New Structural Economics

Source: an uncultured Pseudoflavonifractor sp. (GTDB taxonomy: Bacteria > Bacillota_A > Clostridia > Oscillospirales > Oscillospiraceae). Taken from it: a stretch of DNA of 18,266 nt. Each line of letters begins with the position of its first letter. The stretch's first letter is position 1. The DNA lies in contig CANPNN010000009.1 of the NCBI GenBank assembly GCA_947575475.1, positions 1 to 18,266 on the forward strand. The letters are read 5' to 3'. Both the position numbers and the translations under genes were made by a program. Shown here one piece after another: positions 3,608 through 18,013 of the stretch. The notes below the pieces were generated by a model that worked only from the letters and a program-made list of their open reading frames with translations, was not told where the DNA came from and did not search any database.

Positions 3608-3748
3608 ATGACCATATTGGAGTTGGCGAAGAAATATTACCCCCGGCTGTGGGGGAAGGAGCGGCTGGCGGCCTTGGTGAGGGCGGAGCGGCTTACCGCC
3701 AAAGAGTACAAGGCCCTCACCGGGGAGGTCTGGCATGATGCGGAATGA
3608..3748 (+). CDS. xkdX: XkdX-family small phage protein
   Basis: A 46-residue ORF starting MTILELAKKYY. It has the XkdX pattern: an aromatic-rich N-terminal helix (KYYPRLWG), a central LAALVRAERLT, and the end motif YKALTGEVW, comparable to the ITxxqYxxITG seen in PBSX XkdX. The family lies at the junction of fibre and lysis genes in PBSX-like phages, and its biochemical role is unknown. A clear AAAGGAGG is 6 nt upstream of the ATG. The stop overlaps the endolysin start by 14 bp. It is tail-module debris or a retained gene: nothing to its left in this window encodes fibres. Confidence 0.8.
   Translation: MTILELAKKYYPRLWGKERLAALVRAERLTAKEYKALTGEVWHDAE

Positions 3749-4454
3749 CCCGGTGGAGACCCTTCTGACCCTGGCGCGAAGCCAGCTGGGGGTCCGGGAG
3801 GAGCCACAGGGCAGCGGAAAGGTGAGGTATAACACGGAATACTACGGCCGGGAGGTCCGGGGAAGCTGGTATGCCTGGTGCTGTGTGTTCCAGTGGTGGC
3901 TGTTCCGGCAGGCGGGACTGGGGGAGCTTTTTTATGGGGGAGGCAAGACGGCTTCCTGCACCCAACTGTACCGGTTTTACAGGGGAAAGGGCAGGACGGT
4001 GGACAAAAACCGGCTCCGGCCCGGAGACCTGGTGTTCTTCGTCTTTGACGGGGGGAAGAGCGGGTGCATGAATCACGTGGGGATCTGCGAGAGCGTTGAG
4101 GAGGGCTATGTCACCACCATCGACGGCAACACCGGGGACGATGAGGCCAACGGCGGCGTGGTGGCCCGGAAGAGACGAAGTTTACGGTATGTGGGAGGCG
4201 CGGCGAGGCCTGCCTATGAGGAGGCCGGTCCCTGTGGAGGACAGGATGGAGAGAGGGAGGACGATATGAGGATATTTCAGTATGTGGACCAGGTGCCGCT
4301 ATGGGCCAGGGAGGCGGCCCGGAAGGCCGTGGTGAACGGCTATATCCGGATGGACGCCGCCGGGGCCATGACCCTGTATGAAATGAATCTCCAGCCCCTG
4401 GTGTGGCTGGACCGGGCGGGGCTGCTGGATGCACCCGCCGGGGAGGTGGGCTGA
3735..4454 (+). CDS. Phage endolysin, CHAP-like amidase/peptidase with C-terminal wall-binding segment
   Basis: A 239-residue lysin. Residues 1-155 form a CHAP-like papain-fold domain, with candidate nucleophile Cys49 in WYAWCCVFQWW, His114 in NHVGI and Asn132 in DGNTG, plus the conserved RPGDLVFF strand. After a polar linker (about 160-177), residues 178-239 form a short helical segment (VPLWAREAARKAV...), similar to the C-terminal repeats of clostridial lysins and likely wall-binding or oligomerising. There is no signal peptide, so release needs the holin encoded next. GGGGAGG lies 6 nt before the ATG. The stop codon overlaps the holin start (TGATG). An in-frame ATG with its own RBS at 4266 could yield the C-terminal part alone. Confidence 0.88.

Tang Xiaoyang’s chapter explores one aspect of efforts by Chinese researchers to analyze new South–South partnerships and China’s relations with Africa from their own perspectives, namely the New Structural Economics of Justin Yifu Lin and Wang Yan. Partly presented as an alternative to Washington Consensus policy prescriptions and mainstream Western economics theory, this also underscores the increasing influence of Chinese contributions to the theories and practices of international development. A key component of New Structural Economics, the notion that structural economic transformation can be propelled through measures like industrial policies and special economic zones, is supported by examples from China’s domestic reform and international practices. Africa is a particular focus area of this theory. However, the limitations of New Structural Economics, including its applicability to diverse cases and the political and economic challenges of industrialisation in underdeveloped countries, is examined before the potential of theoretically informed economic analyses and the value of multi-disciplinary research on China and Africa relations is affirmed.